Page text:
How long will pixels matter?


Lately there have been a few topics floating around the internet that have peaked my interest and got me thinking. I started to debate with myself about how long pixels will continue to matter as a measure of size and space in web design or if web design itself will be around for long. Certainly the idea of the web is here to stay and grow but I believe web sites themselves have a limited life span, one that we will be approaching sooner than we think.

Why the Web Site Will Go Away

One of the topics I hinted at earlier that has my interest is our immersion in technology. Believe it or not there are actually a few people out there who still write blogs to share meaningful thoughts and information. One of them is Finch, and his recent post “Where the Interface Ends” got me thinking about how long we might use the computer as our primary device to browse the web.

The internet is everywhere these days, our houses, vehicles and pockets on thousands of different devices. As computing technology continues to grow the average computer user no longer needs a desktop and the laptop is getting outdated as well. Sure, designers and people who use powerful software for a living still need computers but what about average, everyday web browsing? We can do that on our phone, our iPad, game console, TV and our hoverboards (not over water though).

Web sites are already starting to fall out of favor, being replaced by applications that prove to be more flexible and usable on these devices that don’t have a keyboard and mouse attached. All of the sudden spacing becomes more about percentages and less about how many columns we are going to need to use up on our 960 pixel grid.

Getting Flexible

The other topic that is gaining momentum online is the idea of flexible images and fluid layouts. Layouts that shift based on the space they are allowed. Certainly flexibility is going to be key for a design that needs to be displayed on any number of devices all with different shapes and sizes.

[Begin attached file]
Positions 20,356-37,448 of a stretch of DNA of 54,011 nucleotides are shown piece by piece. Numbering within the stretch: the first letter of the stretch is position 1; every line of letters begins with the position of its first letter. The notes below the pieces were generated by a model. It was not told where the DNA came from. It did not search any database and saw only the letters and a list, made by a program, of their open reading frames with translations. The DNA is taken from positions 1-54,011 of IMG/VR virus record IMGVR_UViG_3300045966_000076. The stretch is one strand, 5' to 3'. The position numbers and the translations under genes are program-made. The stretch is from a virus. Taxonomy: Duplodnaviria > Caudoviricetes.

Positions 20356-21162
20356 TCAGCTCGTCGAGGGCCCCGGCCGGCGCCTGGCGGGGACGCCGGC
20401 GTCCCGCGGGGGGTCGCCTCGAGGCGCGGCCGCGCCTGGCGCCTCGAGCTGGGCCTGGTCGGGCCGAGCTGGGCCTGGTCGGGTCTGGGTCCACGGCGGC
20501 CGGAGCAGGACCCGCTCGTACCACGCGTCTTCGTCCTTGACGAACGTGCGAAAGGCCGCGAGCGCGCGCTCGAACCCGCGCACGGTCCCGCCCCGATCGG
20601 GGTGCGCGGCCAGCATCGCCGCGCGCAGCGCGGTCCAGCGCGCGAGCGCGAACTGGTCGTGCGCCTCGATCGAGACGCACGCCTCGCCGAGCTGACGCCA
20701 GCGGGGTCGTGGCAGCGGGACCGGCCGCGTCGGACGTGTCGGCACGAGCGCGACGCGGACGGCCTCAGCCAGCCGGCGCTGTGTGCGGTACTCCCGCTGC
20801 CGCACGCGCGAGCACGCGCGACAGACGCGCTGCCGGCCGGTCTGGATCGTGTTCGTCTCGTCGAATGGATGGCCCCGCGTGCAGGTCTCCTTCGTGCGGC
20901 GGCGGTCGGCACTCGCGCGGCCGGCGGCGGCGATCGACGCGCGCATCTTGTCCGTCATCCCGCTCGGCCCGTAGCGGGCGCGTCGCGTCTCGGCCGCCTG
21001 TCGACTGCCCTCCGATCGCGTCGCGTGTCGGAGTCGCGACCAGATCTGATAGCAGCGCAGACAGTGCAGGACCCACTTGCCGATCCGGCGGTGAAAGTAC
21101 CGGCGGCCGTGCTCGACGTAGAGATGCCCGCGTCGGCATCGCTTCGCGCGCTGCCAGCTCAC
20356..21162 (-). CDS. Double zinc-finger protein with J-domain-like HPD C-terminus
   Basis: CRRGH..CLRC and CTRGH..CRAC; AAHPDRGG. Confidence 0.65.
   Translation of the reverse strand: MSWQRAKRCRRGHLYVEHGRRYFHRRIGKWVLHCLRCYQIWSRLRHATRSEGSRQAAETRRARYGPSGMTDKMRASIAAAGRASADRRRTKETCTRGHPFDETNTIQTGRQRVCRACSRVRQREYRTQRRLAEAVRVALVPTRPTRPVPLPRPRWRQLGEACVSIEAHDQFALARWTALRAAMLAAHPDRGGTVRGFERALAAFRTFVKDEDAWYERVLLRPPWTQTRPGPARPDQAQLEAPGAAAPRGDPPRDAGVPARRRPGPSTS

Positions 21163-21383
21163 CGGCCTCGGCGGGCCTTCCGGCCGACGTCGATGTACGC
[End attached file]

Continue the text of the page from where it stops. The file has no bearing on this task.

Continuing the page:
Any design that is truly flexible can not rely solely on pixels as a form of measurement. A 20 pixel gutter may look fine on my computer monitor but how does that translate to my phone? How does it look on my TV? What if we really want to think outside of the box and say how does that look on my table, wall, mirror, or windshield? What about when my 72ppi screen becomes a 300ppi screen or higher?

I have no doubt that the web will soon outgrown the browser as we know it today as it well should. The browser should be the user, not the software and our interface will continue to grow into the things we interact with every day. As the technology evolves so too will web designers, shifting to experience designers to encompass the larger scope of the web.

As designers it has always been a part of our job description to keep up with the changing online landscape. So will we be ready to take the leap away from the computer browser we fight with and fall in love with every day? Are we open to the new possibilities of a web without the constraints of pixels and screen sizes? Only time will tell.

2 Responses to “How long will pixels matter?”

  1. Sarah K

    Interesting viewpoint. I think there’s definitely some validity to what you’re saying, but I’m not sure how immediate that kind of a switch is going to be.

    As much as all of the new technology is spreading like wildfire, there will still be a large amount of people who stick to the conventional methods — either due to budget or because they prefer it. Look at how long it’s taken before we can finally rest a bit easier, without having to worry about too many people still using IE 6. :) Not to mention all of the computer gamers out there who still need desktops to run their high-graphics driven games.

    You are right that we’re going to have to factor in a lot more different situations for websites to work on, though — and I have a feeling this variety is going to keep growing on a fairly constant basis. I just think that pixels are still going to matter for a long time, because no matter how many options there are, there will always be some people still using systems that work well with a pixel grid.

    I’m curious about the point you made about the browser we know today being outgrown. Care to elaborate a bit? :)

    Anyway, like your site and blog. :)

    • Jason Gross


      Thanks for your comment. In regards to outgrowing today’s browser, what I mean is that web browsers such as IE, Firefox, Chrome, etc. are built with a desktop monitor, keyboard, and mouse in mind. My Playstation allows me to easily navigate a virtual world and do battle with people in realistic settings without much thought yet looking up a video on youtube using the PS3 web browser is a complete pain. This is because modern web browsers were not made for touch screen devices, remote controls, or game controllers.

      Almost every new interactive technology connects to the internet these days so the web will always be a relevant place to gather information from. However, the way that this information is displayed on your TV, cell phone, game console, car dashboard, or other device needs to be taken out of the browser. Each system will have a way to display the web to us that is best for its own parameters and I believe we need to adapt our design to accommodate that instead of the other way around.


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